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27 May 2022updated 19 Aug 2022 10:01am

Abba Voyage concert: a major technological and artistic achievement

All hail the “Abbatars” and the undeniable power of the band’s hits.

By Emily Bootle

When Abba rise through the stage of the new arena built in their name in Stratford, east London, beamed up with spotlights like gods, the stadium erupts. Despite an announcement asking the audience not to photograph or film the show to maintain the “mystery” of the Abba experience, iPhones are raised instantly to record the moment. Here are Agnetha, Björn, Benny and Anni-Frid as younger, virtual versions of themselves, more than 40 years after their last live show in London. Three thousand people are dying to see them. Just 90 minutes previously, a crowd had congregated outside the Pudding Mill Lane DLR station to witness the real, 2022 versions of Agnetha, Björn, Benny and Anni-Frid walk the red carpet for the opening night of Abba Voyage, the band’s new show created with motion capture technology, screaming with delight at a mere glimpse of the back of their heads.  

Abba Voyage is not so much a musical experience as a religious one. The stadium, nestled among blocks of flats and not far from the Olympic tower, looks something like a spaceship; this is spirituality for the future. After four balls of light transform into Abba from below the stage, their presence, no matter how unreal, is almost overwhelming.  

The show intersperses the de-aged, 30-something “Abbatars” – they are not holograms, apparently, in which case it’s completely beyond me what they are, given that they look 3D, and move like real people, and touch each other – with projections of the filmed show on huge screens that encircle half the arena, from floor to ceiling. Instantaneous switches between the Abbatars and the screen sometimes tricks your eye into thinking the giant Abba are also 3D, at an appropriate size for the intensity of the experience. 

[See also: The Edinburgh Fringe wars]

That the show unfolds with the euphoria you would expect from a live Abba gig is testament not only to the extraordinary technology but also, of course, the power of the music. In “Chiquitita” the whole crowd rises to their feet for the first time, ecstatic. The hits keep coming: “Fernando” with a twinkling backdrop of the Northern Lights; “Lay All Your Love on Me” with a rainbow light show that engulfs the audience; an emotional rendition of “Thank You for the Music”; and a projection of Abba at Eurovision 1974 performing their winning hit “Waterloo” (here, the Abbatars dance around behind the original footage, creating a bizarre timewarp). If you thought it couldn’t get more surreal, in “Gimme! Gimme! Gimme!” I turn around to see that the King and Queen of Sweden, who have flown in specially for the event, are on their feet, dancing and clapping nestled among their hefty security cohort.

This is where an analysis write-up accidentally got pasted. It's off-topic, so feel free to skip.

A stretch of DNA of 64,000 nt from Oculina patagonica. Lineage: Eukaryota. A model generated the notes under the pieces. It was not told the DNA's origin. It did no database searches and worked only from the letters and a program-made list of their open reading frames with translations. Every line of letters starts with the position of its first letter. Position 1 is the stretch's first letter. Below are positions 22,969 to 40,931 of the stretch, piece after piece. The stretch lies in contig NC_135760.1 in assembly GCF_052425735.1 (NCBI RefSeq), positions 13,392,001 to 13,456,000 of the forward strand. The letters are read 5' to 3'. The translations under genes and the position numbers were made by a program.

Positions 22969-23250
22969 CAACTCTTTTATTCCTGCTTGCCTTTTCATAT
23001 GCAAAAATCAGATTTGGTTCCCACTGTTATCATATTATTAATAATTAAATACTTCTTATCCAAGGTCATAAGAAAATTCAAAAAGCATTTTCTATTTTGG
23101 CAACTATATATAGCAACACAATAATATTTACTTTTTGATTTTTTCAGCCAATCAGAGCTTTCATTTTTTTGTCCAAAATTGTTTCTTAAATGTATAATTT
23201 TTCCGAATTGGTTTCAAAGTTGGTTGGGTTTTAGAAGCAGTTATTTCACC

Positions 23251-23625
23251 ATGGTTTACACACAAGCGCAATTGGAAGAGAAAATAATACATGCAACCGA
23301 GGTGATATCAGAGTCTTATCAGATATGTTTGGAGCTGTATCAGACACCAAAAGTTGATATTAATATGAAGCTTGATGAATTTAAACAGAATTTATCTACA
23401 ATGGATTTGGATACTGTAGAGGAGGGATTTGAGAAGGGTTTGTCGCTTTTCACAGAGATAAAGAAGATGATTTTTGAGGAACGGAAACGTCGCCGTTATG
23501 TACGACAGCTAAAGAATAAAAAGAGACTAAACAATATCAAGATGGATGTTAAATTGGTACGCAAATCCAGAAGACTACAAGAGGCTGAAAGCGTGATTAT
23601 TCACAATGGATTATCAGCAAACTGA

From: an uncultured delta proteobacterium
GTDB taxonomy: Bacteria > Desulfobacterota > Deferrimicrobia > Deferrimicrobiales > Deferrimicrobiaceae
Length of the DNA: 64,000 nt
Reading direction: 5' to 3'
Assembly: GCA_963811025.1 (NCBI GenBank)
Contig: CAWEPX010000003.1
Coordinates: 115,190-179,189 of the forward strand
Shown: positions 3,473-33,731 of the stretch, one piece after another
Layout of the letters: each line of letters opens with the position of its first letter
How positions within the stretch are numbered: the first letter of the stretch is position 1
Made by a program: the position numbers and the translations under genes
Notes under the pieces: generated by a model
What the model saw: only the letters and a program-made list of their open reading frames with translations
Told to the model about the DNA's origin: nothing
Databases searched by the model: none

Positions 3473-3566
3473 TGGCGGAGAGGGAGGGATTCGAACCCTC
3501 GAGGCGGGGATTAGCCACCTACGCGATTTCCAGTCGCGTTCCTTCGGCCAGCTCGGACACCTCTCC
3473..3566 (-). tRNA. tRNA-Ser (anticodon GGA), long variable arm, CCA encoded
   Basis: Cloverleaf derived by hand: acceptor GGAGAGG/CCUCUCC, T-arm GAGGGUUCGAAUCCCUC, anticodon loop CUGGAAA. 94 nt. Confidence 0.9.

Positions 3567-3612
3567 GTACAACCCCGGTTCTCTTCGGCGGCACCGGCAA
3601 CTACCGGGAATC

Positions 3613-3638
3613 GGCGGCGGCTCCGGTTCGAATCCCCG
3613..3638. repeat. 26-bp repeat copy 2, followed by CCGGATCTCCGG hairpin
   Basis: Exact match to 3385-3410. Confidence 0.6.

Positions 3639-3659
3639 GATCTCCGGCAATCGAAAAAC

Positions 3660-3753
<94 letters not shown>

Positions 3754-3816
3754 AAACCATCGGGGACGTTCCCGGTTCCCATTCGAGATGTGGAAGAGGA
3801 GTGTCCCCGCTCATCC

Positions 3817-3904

It’s astonishing how quickly you adjust to the avatars, which on first sight look a bit like Sims; particularly when they’re stationary, their lack of adherence to the laws of gravity gives them an uncanny weightlessness. Halfway through the show the live band, usually tucked in the left-hand corner of the enormous stage, takes over for “Does Your Mother Know” and, although they perform it with energy and skill, the three flesh-and-blood singers shimmying across the front of the stage, somehow it doesn’t quite land – the crowd wants not only to hear the music but to be in the presence of its creators.

Abba Voyage is touted as an “immersive experience”, a term that gets thrown around a lot these days. Here it feels like it actually applies. You are drenched in Abba – the distinctive harmonies and Benny’s twanging piano, the costumes and the chemistry, and the raw joy and pain, the emotional directness that makes this music timeless and irresistible. At the very end, in a profoundly moving moment of the past meeting the present, technology giving way to reality, gods becoming humans again, the real Abba – now in their 70s – walked onstage for a curtain call and the stadium filled with deafening cheers.

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Abba Voyage is an extraordinary technological and artistic achievement, brilliantly entertaining and somehow beautifully uncynical. But more than anything, it shows that there is nothing more real than pop music.

[See also: Woodstock ’99 overlooks the festival’s most disturbing problem]

“Abba Voyage” is at the Abba Arena, London E20, until 2 October

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